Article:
Interview with an incomer: Daryl


James (left) and Daryl (right) after dyke training

How old are you?

Daryl: 23


Where are you from originally?

Daryl: Aberdeenshire, rural Scotland.


How easy/tricky was it finding accommodation?

Daryl: are you serious?! Extremely difficult. Because the island is a tourist hot spot, there’s a lot more holiday rentals than residential lets. In addition to the financials benefits, holiday lets leaves landlords open to use the lets themselves, for family/friends.

During our first year here we’ve stayed in 2 temporary accommodations, we’ll be moving into a third this month, before hopefully moving to a long term solution in the spring. We managed to find somebody who was willing to let to tenants, but the building needed refurbishing. It’s difficult to get materials to the island, so it’s been a long wait, but we’re excited for it to happen when it does. It’s a lot of demand for rental housing here.


Why North Ronaldsay?

Daryl: James (my partner) and I came here initially to volunteer at bird observatory. We both love nature, and we picked this bird observatory because they let us come as a couple, not many bird observatories do that. The bird observatory is a hub where researchers and visitors come to observe bird migration, and undertake a long term monitoring program.

We never planned to stay long term, and we wouldn’t have if people hadn't eagerly encouraged us to. People were desperate for young people to move into the community. We loved it here, and the lifestyle made us realise that life didn’t have to be fast paced and complicated.

It wouldn’t have to be this island, but it was the gateway to enjoying island life. The coastline is supposed to be super good for mental health and there’s a lot of that here!

Daryl ringing a fulmar

What is your favourite part of the island?

Daryl: by Westness, sitting on the sea defence wall. Without even moving your head around, you can see hundreds of birds from 20 different species. It’s also nice and sheltered. I’ve never been there and not felt a strong appreciation for the island.

What is your favourite thing about island life?

Daryl: it's easy to forget what we’ve done to the planet here. Walking around in a city is not for me. You feel connected to the landscape here. I love having a community too, I don’t like the anonymity of living in a big place.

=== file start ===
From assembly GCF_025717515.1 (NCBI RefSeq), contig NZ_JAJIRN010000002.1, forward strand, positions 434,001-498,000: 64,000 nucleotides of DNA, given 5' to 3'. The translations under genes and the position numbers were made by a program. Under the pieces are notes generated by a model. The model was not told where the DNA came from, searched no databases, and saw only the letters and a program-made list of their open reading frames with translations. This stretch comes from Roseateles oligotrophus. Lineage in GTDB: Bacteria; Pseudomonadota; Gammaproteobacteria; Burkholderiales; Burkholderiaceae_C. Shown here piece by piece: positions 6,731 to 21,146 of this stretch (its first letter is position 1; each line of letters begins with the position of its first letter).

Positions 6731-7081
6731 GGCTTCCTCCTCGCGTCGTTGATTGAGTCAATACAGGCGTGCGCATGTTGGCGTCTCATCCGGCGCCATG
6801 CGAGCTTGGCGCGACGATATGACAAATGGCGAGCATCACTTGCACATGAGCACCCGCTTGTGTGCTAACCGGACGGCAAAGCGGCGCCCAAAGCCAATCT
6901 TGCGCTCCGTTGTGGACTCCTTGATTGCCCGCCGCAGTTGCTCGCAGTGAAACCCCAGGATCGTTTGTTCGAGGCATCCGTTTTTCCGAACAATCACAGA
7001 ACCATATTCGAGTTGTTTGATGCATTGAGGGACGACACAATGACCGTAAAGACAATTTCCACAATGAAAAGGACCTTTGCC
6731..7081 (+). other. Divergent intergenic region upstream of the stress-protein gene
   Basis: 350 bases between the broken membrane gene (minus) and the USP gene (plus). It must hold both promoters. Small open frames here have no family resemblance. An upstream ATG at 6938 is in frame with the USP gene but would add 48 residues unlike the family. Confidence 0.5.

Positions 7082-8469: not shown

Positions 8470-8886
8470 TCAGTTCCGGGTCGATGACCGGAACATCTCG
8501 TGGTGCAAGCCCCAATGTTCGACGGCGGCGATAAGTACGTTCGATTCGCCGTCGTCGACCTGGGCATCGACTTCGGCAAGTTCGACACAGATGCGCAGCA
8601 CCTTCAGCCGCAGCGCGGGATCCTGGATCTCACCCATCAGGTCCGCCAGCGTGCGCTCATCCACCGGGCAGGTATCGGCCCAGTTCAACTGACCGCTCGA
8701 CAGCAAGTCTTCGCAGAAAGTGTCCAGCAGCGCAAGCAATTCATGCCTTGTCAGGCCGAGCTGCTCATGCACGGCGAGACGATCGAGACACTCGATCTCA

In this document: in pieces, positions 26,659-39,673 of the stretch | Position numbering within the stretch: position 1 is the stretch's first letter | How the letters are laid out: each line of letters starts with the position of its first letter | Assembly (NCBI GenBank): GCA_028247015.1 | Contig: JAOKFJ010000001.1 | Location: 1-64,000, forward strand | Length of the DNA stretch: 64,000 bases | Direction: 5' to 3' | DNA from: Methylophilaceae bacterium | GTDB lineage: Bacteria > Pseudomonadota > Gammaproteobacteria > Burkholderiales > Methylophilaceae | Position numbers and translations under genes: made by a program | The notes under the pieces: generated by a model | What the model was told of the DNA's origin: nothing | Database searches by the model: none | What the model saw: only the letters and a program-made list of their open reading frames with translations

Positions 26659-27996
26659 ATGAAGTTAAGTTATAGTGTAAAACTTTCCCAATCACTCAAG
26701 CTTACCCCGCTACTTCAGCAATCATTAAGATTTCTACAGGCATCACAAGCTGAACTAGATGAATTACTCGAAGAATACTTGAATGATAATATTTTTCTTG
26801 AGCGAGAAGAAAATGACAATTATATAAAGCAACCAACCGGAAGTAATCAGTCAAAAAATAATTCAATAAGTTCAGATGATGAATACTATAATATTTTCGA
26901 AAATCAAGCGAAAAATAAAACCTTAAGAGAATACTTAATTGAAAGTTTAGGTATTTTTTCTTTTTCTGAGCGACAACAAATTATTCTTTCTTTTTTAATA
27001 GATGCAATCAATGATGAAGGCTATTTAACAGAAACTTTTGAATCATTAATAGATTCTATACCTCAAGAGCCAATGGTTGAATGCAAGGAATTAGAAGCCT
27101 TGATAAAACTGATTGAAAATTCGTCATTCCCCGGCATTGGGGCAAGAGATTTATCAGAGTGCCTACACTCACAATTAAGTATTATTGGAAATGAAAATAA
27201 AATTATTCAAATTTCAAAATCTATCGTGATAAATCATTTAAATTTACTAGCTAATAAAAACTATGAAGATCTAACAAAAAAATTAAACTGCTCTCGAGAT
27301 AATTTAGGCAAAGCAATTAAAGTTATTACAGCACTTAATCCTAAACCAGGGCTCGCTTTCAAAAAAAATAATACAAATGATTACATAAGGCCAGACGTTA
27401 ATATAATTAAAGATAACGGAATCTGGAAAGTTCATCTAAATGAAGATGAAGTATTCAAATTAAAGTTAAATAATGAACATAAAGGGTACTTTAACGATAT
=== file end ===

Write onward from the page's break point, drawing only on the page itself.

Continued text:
Also it forces people to be our friends because they have no other options *we both laugh*

James on a snowy beach

What is your least favourite about island life?

Daryl: you have a tendency to go slightly crazy without realising it. You do need to get away occassionally and you can easily forget about that. It’s very insular here, sometimes people don’t have a sense of the bigger picture here. It can be hard to get beyond the ways that things have always been done. And its too windy! *I nod in agreement*

What's it been like moving here during the pandemic?

Daryl: it’s been net positive. I can’t imagine being in a better place during the pandemic. The sea has been a literal physical barrier to the virus. There have been no cases on the island, and very few in Orkney which is the main place that people travel to. People rarely travel to mainland Scotland. Overall we’ve had lots more freedom that others haven't had.

But, we arrived 9 months ago and I still haven’t managed to get my things up from Aberdeen. Coordinating travel is complicated anyway, without the restrictions of a pandemic.

James on the ferry sailing to North Ronaldsay

What do you think of dyke building?

Daryl: I really enjoyed my dyke building training. It was a good time to build relationships as well as walls. Despite knee troubles it was the right amount of exertion for me. The sun was setting, and it was the most beautiful time to be outdoors with a purpose. I was able to stay in one spot and appreciate my surroundings, whilst doing something positive for that environment.

Have you started any new activities/hobbies since coming to the island?

Daryl: being so close to the coast coast has allowed me to swim regularly. I love it, with the seals watching you, birds wheeling around you. It has been very special. It’s had a positive impact on my metal health too.

James (left) and Daryl (right) post swim

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